No roof rake needed.:

ARCHINOWHERE 06_study Art Print:

Modern Vacation Homes Atomic A Frames Chalets Eames Era Floor Plans Mid Century | eBay:

Mid-Century Modern Vacation Home Plans, via grainedit.com/2009/05/25/mid-century-modern-home-plans:

//:

a-frame interior:

 

The A-frame makes a good fit for a tiny house. The open plan and the lack of expensive and time-consuming labor, allow for a modern house requiring less maintenance. The fact that the roof is the walls means less painting, for example. For a house off the grid, the angle of the roof permits the perfect collection of solar energy if pointed in the right direction.

The construction of an A-frame house does not demand sophisticated knowledge of techniques as used in an average house. Rather, it is like two lean-tos built against each other or a hard shell “tent”. Once the few angles are known, the building becomes rather simple.

Artistically, a modern style comes just as easy as the construction. Roofing made of modern materials such as steel and interiors utilizing the many modern surfaces available today, plus the edition of mid-century modern furniture, takes the A-frame from backwoods cabin to modern dwelling.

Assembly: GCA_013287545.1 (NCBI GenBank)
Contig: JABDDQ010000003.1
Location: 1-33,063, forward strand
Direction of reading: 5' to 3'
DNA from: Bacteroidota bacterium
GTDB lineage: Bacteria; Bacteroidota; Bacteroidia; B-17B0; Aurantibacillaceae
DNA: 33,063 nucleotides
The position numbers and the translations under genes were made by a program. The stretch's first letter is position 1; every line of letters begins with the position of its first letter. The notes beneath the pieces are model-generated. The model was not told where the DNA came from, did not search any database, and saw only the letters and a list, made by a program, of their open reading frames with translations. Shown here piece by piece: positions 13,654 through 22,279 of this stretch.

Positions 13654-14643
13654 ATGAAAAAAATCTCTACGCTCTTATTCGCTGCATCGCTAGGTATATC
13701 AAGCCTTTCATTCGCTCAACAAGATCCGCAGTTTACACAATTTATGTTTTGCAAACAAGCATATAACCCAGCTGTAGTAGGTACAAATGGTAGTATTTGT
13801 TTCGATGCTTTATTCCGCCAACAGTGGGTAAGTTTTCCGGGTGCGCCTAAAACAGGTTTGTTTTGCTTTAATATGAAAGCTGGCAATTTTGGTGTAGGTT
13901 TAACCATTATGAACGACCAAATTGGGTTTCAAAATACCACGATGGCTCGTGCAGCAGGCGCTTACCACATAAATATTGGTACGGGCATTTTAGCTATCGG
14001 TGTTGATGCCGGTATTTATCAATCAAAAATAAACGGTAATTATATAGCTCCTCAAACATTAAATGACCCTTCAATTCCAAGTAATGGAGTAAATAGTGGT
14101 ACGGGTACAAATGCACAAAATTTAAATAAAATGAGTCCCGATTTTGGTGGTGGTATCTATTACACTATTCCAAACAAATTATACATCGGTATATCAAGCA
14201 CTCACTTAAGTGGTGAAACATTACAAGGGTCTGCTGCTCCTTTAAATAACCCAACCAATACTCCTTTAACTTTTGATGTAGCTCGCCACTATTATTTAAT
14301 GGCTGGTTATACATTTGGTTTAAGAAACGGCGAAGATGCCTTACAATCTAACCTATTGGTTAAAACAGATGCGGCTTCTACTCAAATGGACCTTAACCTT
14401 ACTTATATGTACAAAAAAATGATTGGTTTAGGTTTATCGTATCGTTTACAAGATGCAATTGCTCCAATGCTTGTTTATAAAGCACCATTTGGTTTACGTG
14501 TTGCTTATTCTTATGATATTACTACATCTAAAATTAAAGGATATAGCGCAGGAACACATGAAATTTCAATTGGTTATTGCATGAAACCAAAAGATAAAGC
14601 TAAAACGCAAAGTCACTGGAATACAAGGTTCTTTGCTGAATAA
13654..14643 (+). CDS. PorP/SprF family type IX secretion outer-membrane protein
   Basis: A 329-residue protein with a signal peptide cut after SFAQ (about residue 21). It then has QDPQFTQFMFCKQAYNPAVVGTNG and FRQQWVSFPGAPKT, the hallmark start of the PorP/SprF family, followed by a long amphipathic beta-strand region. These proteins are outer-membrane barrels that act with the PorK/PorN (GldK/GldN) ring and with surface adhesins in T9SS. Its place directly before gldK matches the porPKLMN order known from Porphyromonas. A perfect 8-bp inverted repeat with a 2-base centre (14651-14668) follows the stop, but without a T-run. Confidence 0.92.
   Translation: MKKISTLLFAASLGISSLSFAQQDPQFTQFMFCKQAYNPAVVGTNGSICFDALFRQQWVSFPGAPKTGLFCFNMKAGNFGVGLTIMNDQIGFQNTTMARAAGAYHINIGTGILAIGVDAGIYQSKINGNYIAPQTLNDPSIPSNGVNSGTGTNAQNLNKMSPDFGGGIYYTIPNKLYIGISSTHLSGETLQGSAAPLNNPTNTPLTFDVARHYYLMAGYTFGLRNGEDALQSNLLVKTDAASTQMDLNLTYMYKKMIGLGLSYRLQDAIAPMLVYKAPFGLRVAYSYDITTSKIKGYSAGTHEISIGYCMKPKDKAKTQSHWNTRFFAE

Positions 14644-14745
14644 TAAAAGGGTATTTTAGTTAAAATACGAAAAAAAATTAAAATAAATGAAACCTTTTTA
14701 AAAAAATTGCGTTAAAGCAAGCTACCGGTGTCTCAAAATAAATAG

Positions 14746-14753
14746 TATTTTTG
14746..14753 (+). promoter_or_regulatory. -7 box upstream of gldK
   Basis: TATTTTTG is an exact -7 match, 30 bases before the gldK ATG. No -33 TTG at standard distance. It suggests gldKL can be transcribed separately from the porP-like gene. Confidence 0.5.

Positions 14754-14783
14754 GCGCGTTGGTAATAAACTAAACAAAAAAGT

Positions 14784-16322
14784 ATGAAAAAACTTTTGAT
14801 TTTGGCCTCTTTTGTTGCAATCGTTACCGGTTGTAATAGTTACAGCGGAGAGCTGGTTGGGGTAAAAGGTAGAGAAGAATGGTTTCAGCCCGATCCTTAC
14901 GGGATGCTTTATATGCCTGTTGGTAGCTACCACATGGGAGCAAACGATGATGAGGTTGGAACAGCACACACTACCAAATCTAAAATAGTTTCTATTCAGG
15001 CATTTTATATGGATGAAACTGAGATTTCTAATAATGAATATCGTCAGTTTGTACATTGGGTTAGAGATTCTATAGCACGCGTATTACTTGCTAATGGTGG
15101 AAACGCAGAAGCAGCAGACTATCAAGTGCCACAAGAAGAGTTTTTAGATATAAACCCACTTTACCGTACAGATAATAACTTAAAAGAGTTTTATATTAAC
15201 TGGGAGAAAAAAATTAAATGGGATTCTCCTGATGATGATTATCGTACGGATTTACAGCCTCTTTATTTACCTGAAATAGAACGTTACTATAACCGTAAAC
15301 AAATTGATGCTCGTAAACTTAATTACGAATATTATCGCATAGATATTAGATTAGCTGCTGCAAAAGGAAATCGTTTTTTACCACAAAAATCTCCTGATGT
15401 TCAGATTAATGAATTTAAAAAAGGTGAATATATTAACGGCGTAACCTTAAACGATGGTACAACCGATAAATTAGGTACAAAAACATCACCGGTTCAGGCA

Just a treat, if you are from the US, especially from the western US, you remember the ubiquitous at the time Der Weinerschnitzel:

A-frame Roof Weinerschnitzel Restaurant in Whittier, California.
The Original International House of Pancakes.
The original Tastee-Freez, Perris, California.
A Former Heap-Big-Beef, Mill Brae, California.
A Former Nickerson Farms in Arizona.



Whataburger A Frame
Whataburger in Corpus Christi, Texas.

HBosler

Self-Portrait
Self-Portrait

A Frank Lloyd Wright Inspired Tiny House

This design is a variation on the Round House. Many of the rectilinear elements of the Round House are removed and replaced with curved forms. The main inspiration for this tiny house comes from two houses in Phoenix, Arizona known as the David and Gladys Wright Home and the Norman Lykes Home. Both these houses are examples of Frank Lloyd Wright’s later style which is seen in the Guggenheim Museum and Gammage Auditorium.

Guggenheim Museum 1959.
Guggenheim Museum 1959.

 

Gammage Auditorium 1964.
Gammage Auditorium 1964.